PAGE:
Dag tre hundrede femogtyve. Yeesh, a crappy day today. Woke up late, doodled some Moleskine stuff (including a really good uppercase slab-serif E, I was really proud of myself), didn't feel in the mood for getting on with JOHN Collection III, which is really lagging behind now, so I just played Half-Life 2 for the rest of the day. Goddammit Nova Prospekt is a long level. Really annoying. So many Combines, so many headcrabs, so many spooky dark corridors! I am so fed up with it at the moment. SO FED UP.
OK, today I have a movie trailer for you. Woah, the last time I did that was... what, last year? With D9 and Inception? Something like that. Anywho, I present to you Source Code, the second film from the director of Moon, Duncan Jones. The general plot idea is that Jake Gyllenhaal is an army general dude who gets implanted into the mind of a guy eight minutes before he dies in a train a'splosion to find out who the bomber is. He experiences the a'splosion loads of times, à la Groundhog Day, and meanwhile falls in love with the man's wife who's also on the train and tries to change history yada yada yada.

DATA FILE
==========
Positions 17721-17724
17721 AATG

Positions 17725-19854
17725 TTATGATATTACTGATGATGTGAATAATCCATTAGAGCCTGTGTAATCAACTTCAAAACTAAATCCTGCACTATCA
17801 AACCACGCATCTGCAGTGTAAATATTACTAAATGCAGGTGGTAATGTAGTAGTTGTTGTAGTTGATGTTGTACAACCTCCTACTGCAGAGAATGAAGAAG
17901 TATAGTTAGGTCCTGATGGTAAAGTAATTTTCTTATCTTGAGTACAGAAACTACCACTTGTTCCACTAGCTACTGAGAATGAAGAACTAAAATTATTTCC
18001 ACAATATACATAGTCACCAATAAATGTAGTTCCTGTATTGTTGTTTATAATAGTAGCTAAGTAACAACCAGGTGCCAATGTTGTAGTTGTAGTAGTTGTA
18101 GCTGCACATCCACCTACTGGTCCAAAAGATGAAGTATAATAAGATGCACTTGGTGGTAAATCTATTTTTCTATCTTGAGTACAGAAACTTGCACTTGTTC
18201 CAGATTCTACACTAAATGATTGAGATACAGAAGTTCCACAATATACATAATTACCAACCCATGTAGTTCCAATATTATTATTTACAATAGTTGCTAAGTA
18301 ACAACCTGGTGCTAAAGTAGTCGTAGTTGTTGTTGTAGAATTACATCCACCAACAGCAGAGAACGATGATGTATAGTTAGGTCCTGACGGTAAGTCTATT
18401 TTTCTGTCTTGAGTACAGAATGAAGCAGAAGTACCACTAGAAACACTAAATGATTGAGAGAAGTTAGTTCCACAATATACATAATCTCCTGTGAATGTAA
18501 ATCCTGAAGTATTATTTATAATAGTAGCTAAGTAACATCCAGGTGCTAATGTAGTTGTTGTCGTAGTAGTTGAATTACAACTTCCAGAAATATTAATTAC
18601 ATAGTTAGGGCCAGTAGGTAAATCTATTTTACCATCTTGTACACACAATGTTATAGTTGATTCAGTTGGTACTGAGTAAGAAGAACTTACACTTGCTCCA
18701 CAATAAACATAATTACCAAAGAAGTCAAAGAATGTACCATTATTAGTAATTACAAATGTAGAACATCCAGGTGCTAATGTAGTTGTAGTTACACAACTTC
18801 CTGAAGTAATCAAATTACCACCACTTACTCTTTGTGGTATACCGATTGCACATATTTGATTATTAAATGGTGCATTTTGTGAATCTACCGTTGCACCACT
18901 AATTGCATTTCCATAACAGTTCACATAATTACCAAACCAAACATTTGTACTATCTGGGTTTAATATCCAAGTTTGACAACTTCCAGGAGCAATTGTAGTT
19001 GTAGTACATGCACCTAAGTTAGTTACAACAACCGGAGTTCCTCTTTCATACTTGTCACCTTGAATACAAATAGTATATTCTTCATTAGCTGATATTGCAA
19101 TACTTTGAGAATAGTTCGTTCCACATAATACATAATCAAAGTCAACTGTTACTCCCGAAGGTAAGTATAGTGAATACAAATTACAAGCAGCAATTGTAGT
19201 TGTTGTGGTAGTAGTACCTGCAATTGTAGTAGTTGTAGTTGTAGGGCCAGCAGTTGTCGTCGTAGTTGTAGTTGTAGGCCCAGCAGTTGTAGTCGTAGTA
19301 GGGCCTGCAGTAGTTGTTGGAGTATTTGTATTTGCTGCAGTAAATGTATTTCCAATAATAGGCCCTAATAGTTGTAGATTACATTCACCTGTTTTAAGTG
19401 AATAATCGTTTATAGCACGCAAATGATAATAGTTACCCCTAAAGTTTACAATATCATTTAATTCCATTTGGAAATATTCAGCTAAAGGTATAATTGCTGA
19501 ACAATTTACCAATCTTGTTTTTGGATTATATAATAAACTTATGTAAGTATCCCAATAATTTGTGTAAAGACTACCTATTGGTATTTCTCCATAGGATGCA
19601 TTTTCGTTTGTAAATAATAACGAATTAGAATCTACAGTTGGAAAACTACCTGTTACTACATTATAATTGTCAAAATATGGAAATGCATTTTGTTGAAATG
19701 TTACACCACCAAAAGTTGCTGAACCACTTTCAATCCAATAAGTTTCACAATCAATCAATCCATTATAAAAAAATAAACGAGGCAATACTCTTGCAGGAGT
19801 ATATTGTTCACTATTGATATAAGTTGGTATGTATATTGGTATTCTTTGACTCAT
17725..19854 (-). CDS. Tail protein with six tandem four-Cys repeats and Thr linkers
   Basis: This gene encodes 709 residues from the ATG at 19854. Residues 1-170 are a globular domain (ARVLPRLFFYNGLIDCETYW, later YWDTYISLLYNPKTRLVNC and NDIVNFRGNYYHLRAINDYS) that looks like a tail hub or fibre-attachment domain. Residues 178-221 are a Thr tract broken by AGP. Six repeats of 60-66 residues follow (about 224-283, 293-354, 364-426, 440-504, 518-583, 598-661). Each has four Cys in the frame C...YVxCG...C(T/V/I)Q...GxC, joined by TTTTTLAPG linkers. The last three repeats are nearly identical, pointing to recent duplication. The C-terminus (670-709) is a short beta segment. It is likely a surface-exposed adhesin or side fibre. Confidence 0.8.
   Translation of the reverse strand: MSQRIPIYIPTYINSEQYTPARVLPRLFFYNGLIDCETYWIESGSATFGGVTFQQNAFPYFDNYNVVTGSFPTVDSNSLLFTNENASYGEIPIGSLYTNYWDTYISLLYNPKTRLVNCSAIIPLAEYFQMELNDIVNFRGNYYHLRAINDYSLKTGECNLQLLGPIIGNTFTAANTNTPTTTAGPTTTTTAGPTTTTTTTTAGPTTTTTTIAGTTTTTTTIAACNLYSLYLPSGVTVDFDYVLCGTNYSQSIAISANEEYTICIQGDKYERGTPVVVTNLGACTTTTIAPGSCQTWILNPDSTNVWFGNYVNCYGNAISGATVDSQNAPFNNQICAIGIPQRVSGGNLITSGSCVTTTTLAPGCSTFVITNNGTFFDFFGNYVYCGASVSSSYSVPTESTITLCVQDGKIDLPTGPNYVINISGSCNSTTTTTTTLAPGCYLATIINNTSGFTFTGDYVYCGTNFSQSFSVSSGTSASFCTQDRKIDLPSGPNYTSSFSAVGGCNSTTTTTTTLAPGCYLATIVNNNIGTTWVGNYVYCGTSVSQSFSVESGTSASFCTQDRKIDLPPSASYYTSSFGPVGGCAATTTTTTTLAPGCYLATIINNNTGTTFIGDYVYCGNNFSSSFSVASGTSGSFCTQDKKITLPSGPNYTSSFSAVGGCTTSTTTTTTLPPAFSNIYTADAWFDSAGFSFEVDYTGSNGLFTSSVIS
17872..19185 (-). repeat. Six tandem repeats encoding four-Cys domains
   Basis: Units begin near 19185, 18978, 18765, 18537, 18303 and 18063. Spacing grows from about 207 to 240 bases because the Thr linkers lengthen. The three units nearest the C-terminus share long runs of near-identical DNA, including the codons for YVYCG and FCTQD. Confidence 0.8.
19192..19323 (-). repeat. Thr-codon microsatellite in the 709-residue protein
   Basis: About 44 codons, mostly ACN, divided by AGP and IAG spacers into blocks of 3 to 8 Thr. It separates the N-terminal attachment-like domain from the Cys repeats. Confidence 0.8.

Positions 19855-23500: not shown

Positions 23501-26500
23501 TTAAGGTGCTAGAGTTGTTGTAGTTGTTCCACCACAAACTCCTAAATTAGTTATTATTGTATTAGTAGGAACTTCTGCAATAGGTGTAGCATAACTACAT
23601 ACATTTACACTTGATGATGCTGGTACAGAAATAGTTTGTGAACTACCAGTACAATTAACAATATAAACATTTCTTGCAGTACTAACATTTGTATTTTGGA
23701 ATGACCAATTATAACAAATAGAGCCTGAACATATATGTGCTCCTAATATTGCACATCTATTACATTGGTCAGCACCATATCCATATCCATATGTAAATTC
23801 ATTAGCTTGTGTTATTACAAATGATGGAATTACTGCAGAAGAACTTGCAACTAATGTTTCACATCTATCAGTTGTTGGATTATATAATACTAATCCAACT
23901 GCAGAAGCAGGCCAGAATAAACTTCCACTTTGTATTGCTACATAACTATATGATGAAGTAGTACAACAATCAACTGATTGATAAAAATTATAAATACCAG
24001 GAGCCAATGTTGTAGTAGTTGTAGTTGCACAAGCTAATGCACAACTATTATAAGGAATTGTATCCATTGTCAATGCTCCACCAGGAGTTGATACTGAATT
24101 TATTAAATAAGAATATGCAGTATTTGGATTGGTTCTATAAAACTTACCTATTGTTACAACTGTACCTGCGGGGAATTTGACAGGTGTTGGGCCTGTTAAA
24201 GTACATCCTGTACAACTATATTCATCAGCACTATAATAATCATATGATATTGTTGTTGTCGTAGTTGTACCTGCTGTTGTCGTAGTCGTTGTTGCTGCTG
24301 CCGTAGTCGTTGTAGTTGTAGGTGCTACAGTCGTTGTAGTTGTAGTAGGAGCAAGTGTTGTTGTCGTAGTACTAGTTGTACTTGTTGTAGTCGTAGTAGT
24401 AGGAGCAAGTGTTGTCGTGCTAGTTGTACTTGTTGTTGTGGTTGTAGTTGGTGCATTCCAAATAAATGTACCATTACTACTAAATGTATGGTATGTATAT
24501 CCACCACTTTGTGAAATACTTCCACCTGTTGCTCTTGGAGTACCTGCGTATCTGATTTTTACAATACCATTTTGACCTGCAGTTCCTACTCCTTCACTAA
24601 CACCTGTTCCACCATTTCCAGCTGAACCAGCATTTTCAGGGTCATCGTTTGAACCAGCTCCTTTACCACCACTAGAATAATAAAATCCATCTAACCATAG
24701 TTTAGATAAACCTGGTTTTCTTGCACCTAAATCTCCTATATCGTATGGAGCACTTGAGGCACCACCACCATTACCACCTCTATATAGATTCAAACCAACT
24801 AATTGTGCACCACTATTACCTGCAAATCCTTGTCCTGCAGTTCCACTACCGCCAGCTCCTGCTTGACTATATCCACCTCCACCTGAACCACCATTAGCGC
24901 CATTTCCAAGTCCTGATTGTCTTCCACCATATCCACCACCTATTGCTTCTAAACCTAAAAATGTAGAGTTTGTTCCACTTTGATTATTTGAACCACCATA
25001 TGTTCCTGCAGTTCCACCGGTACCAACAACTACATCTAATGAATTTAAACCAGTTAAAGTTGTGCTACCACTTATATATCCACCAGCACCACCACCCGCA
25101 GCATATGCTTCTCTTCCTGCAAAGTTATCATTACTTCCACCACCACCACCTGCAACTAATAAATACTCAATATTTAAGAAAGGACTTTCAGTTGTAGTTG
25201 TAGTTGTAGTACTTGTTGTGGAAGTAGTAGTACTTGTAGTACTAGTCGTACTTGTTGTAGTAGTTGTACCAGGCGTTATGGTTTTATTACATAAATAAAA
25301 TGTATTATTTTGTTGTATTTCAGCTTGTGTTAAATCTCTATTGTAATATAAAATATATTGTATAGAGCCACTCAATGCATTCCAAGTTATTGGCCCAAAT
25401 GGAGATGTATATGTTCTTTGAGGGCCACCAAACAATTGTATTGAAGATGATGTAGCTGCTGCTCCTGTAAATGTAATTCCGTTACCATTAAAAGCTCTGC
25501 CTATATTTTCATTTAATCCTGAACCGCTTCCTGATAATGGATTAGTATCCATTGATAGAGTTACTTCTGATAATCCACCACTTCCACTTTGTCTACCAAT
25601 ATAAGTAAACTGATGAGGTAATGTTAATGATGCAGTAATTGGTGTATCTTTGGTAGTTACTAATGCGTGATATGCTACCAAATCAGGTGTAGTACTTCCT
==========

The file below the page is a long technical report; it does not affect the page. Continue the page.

If you want my immediate opinion: it's rubbish. The titles in the trailer show that it's being marketed as your everyday mainstream thriller. Kinda like Déja-vu or Vantage Point. That brand of average thriller/vaguely sci-fi movie. Nothing particularly special. Which is rubbish, 'cause coming from Duncan Jones, this film needs to be amazing. It needs to be mindblowingly good. It needs to top Moon. But it won't. I can tell you that right now, right before I've seen the film or any proper trailers. I don't need to see the film. If they're marketing it like this, then it's going to be average. Good, of course, but nowhere near as good as Moon.
Hopefully the plot will be as twisty-turny as the trailer suggests, and seeing how Jake's dilemma is fixed may at least provide some suspense. It just like a movie which I've seen before. Not exactly that, of course, but all the different plot details and scenes and concepts I've seen before somewhere. Duncan Jones has just mashed them together into a meh film that'll do quite well but won't be remembered three years later. A film that lacks the indie experimentalism of Moon, and has a lot less character, but is not necessarily bad. Sigh.